Apps That Read to You

Deena SeifertM.S., CCC-SLP
Deena Seifert
M.S., CCC-SLP

Isn't technology amazing?  Not only do we have book readers (Kindle, Nook, iPad, etc.), but there are apps out there that will read to you.  This technology is known as "text-to-speech."  Here's some information about some of the apps on the market.  As always, before you press "buy" make sure you have done a little investigation and read the reviews that come with each app.

Read2Go by Bookshare (19.99) - From Bookshare (a free digital library for users with physical or learning disabilities) Read2Go is an app that allows you to download books from the Bookshare library directly to your iPad.  It has a text-to-speech feature with a male or female voice which can be set at a desirable rate for the listener.

FireFly by Kurzweil (Free) - for those with Kurzweil computers and accounts, you can download Firefly onto your iPad to read items in your Kurzweil library or the Firely digital library. 

Speak it! - $1.99 - This app will highlight words as they are read to you and can save them to an audio file.  You can adjust the speed of the voice and hit pause, when needed.  What's great about this app is that it can run in the background as you are working.

ipadbooks

Web Reader HD $4.99 a web browser that will read the web to you. You can chose where on the web page you would like it to start reading.  It also has male and female voices with speed settings.  Files can be synced to your Drop Box account, as well.

SpeakPad - Free (Mobi) - SpeakPad has a female voice with the ability to buy other voices.  You can adjust the rate, emails text, saves documents and opens documents. It's free so watch out for ads or the cost of additional voices.

Remember, free apps will  likely include advertising of new apps and other information that you might not want to see each time.  Sometimes, it's better to spend a few dollars to lessen the aggravation of pop-up ads.  The market is constantly changing.  Do you have a favorite text-to-speech app?  Let us know.


"R" ticulation

Beth Lawrence, MA, CCC-SLP
Beth Lawrence, MA, CCC-SLP

This post is targeted at speech-language pathologists who work on articulation, but might be helpful for parents/tutors as well.  The "R" sound can be a very tricky sound to correct.  This is an excellent blog post by a speech-language pathologist named Katie:

http://www.playingwithwords365.com/2011/10/my-tricks-to-teaching-the-r-sound/#comments

Her ideas are fantastic! I wanted to share one additional technique I discovered a few years ago in working with a student who had been in articulation therapy for 4 years.  I now use this technique with every "R" case, and I have to say the turn-around time for therapy has dropped considerably.  This student was able to "bunch his tongue" in the back as he had been taught by one therapist, and he used a retroflexed "R" (another therapist) that made him sound like he was trilling in conversational speech.  His "R" sounded rounded and a lot like "ooohr"  Using a "Mr. Mouth", we reviewed the anatomy of the tongue, teeth and mouth.  It became apparent that the sides of his tongue were not engaged with his upper teeth, rather his tongue was "floating" inside his mouth--exactly the position to get a nice, "ooohr" sound!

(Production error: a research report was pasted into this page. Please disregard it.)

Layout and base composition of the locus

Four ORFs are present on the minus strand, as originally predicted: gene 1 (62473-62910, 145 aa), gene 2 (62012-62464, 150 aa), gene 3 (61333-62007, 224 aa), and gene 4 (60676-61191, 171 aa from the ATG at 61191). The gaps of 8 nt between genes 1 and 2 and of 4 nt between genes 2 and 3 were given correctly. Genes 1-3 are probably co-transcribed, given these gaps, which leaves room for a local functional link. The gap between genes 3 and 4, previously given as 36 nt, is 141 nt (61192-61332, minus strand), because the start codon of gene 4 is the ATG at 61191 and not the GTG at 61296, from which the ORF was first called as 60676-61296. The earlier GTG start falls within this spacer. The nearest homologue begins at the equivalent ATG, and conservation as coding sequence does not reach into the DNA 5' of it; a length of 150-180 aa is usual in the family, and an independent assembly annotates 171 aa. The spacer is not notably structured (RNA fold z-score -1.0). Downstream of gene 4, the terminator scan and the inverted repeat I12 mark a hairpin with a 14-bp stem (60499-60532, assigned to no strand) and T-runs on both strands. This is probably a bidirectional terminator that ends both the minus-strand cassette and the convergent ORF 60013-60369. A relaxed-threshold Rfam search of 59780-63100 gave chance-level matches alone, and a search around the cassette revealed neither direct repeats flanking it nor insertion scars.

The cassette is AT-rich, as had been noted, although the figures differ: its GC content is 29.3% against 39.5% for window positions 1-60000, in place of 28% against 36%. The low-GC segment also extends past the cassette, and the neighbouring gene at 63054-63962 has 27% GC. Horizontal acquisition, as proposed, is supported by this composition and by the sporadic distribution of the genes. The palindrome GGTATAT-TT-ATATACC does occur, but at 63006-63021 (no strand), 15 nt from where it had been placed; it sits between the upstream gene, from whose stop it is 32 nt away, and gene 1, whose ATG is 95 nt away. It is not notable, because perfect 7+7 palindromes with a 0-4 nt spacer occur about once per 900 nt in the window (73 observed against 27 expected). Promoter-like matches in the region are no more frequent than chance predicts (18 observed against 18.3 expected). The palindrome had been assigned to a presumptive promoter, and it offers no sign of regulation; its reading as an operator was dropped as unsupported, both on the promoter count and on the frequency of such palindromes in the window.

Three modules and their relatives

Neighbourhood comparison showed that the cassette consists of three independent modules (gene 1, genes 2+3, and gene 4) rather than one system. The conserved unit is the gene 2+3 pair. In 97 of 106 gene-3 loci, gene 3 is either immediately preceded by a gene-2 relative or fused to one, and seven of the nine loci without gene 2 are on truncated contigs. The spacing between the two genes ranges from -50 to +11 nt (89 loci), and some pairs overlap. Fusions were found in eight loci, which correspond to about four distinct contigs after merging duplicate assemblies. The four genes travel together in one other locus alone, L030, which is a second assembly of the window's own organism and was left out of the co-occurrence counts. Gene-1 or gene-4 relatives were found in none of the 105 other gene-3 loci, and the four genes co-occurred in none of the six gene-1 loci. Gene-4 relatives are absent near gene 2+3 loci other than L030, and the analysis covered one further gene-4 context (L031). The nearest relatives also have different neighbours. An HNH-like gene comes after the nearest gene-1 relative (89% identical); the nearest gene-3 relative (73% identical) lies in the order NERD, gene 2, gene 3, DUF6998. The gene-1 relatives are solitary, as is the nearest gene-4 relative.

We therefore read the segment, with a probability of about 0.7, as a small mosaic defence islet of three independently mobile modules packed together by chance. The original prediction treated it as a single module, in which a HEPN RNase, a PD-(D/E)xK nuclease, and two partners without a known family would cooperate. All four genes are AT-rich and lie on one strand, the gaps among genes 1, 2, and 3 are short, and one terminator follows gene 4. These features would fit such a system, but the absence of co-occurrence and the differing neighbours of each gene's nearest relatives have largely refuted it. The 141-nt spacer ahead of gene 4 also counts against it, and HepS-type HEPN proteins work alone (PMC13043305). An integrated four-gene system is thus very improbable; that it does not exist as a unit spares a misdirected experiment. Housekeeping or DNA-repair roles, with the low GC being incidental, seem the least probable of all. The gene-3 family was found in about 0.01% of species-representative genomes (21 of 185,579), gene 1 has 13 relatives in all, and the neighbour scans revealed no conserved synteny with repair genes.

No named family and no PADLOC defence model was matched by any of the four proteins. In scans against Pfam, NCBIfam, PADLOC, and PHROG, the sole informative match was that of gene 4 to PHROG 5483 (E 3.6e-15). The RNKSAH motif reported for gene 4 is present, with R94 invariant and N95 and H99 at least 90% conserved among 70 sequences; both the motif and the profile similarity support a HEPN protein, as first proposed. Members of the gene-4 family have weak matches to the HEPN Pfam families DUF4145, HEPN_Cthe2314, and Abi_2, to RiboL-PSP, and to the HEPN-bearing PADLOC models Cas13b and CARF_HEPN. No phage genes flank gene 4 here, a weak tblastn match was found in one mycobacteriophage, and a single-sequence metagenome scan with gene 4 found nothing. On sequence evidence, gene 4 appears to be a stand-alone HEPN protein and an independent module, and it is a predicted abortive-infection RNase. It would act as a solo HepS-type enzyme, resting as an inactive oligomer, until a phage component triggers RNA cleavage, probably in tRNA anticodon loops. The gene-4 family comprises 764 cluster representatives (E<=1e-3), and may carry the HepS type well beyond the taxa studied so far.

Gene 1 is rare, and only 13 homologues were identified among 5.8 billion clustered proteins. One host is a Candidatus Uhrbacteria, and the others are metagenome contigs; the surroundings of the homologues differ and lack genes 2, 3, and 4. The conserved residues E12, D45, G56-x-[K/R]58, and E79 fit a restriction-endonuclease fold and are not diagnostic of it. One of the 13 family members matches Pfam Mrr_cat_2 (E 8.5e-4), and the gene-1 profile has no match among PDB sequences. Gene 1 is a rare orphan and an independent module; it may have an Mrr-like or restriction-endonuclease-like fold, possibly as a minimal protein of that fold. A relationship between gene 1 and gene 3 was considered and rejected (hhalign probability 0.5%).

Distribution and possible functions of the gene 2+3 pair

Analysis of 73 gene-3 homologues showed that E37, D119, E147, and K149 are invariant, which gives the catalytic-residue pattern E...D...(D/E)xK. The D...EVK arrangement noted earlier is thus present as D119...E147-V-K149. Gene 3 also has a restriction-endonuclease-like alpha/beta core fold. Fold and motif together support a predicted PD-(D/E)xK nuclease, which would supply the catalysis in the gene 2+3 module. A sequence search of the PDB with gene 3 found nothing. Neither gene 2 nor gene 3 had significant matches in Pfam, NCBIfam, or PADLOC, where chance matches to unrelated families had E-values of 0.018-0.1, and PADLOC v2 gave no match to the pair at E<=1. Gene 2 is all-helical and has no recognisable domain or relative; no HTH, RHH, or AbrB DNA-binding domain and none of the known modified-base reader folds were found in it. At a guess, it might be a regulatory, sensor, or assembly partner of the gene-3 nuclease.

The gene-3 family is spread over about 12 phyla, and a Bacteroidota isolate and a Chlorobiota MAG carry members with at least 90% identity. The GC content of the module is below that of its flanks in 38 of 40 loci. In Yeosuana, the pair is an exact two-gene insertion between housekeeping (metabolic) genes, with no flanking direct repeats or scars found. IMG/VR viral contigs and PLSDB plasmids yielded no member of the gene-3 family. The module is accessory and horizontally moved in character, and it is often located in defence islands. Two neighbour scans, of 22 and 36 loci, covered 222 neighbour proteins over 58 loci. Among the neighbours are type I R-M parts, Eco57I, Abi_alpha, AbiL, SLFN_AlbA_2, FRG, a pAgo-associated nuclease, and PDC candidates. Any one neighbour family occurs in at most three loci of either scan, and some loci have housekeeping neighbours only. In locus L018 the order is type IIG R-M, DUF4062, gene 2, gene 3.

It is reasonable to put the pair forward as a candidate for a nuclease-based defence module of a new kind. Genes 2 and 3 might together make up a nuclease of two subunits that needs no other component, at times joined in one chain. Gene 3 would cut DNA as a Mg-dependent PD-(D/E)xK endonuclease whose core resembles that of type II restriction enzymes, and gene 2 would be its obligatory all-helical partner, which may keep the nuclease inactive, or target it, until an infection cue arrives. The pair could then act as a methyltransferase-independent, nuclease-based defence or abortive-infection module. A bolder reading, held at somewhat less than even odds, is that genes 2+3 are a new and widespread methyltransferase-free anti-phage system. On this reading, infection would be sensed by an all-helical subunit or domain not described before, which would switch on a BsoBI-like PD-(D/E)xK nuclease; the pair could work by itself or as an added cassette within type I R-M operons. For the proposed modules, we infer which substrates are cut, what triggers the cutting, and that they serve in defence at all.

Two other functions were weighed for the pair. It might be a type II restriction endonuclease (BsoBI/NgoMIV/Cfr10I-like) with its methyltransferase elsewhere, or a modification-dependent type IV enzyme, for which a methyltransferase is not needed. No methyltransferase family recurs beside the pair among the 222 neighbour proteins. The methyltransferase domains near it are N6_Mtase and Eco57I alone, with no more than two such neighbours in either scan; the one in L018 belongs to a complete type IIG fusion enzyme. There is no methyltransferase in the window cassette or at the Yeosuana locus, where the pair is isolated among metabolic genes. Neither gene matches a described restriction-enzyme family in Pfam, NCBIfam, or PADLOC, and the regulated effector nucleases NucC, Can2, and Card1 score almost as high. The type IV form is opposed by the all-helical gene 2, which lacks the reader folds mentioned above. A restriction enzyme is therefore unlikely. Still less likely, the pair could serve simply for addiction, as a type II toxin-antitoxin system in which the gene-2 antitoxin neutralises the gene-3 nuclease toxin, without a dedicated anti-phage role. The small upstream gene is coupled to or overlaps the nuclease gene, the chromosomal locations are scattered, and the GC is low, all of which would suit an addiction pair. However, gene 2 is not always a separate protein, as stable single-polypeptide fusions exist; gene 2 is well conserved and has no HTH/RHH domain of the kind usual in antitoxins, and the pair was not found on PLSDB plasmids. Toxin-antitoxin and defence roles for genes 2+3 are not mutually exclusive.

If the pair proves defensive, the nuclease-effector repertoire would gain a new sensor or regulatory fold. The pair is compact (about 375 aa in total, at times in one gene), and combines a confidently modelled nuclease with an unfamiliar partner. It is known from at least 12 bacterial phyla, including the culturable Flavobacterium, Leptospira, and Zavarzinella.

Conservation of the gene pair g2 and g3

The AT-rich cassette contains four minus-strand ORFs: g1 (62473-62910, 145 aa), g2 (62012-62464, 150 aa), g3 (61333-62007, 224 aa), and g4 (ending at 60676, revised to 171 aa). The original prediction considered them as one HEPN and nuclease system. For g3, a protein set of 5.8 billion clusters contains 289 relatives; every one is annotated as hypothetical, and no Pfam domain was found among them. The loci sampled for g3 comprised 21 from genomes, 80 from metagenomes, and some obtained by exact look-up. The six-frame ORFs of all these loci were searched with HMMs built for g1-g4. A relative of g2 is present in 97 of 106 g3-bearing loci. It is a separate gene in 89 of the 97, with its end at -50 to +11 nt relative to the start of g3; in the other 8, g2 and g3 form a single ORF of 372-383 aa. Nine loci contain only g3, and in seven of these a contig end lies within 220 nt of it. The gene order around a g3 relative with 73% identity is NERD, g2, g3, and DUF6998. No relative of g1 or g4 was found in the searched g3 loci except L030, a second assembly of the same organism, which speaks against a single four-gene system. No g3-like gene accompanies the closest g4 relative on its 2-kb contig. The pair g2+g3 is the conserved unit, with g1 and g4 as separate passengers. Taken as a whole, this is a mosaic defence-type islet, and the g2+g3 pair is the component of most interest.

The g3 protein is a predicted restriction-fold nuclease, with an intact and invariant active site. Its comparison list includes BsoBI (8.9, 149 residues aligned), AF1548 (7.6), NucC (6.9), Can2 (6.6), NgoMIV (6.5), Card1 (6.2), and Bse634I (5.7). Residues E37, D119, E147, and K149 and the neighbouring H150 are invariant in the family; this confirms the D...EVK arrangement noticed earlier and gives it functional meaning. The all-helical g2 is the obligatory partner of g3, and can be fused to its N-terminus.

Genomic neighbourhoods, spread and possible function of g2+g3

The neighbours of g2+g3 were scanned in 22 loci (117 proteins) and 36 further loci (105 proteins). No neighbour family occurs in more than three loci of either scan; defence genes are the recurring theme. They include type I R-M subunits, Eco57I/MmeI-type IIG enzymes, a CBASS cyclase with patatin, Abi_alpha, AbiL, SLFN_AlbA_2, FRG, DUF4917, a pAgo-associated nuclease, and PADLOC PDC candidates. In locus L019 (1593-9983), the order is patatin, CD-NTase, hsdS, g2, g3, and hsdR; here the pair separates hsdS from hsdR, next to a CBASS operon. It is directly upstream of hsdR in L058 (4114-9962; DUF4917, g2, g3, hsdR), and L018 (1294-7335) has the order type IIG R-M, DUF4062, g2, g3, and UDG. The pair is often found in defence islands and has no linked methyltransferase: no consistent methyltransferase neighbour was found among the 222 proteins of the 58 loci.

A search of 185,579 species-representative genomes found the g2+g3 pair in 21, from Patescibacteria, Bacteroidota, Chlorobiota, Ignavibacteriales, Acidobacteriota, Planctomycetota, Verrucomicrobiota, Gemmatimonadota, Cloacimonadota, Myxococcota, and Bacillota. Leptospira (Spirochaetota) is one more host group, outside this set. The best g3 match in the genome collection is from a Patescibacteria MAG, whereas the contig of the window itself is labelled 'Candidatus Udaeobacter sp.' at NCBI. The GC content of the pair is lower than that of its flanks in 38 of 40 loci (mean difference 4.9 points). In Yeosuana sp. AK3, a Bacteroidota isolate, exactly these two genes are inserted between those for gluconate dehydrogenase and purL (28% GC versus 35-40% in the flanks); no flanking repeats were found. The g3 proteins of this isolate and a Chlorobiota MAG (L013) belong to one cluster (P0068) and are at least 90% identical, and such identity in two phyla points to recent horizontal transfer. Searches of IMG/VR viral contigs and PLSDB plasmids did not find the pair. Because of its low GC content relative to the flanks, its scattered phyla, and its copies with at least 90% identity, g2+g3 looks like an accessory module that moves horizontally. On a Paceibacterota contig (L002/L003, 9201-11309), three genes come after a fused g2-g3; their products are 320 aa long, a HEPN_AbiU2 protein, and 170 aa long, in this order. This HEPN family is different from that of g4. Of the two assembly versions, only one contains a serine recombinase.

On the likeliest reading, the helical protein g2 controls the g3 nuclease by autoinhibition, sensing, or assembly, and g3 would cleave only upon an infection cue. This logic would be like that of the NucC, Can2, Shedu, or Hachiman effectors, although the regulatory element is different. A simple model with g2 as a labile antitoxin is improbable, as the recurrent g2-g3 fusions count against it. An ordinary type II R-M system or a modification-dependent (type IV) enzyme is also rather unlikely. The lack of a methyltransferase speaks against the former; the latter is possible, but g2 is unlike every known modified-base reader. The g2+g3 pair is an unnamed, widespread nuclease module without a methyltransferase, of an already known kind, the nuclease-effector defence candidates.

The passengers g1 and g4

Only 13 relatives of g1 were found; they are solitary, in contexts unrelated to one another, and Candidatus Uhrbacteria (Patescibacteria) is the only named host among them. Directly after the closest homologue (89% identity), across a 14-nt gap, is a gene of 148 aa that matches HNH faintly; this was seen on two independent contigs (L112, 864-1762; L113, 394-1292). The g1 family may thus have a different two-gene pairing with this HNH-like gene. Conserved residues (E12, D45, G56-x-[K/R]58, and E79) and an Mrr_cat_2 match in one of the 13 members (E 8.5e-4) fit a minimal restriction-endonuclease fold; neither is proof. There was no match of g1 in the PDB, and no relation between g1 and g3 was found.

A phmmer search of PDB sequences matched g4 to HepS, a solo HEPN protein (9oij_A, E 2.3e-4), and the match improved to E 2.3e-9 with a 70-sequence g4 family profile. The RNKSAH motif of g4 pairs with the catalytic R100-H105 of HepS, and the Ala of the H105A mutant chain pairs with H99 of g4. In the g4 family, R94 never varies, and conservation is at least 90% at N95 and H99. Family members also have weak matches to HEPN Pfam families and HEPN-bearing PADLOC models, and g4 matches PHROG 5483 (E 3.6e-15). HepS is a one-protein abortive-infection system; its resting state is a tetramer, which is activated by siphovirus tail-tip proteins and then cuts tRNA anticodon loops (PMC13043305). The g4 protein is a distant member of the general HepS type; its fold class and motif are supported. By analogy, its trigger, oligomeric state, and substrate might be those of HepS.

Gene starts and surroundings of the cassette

I placed my hands in a rigid position about 4 inches apart, then had him place his own hand between the "teeth" I had created with my hands.  In order to orient him to how his hand and tongue could move in unison, I asked him to say "t-t-t" and "g-g-g" while moving his hand in the same manner that his tongue was moving (i.e., the tips of his fingers moved upward for "t" and his wrist moved upward as he produced "g").  After he got the gist of moving hand and tongue in unison, I had him pretend to be my teeth, my hand became my "tongue" and I showed him how his tongue was not spreading to gain firm contact with his molars, thus creating a neutralized "R" sound.  I then spread my hand (again, representing what my tongue was doing) to obtain firm lateral pressure on his hands (my teeth), producing a strong "R" sound.  Here is a video my husband was patient enough to do with me:

[wpvideo PMu4cJQY]

With my student, we reversed the process, his tongue easily followed his hand movement as it pressed laterally against my two hands.  Because his tongue was now "anchored" laterally on his teeth,  he made the first strong "R" sound he had ever made.  He moved from "R" approximations in all positions of words to being dismissed ("R" in conversation with 95-100% accuracy as reported by parents and teachers) in five months.  This method has worked with my students, whether the student is using retroflexed or bunched "R".  Some students have needed some strengthening work for this new "spreading" movement, which can easily be done using two (flavored) tongue depressors, one on the left and one on the right side of the tongue.  Resisting slight compression between the two tongue depressors helps to strengthen the lateral portions of the tongue, increasing success.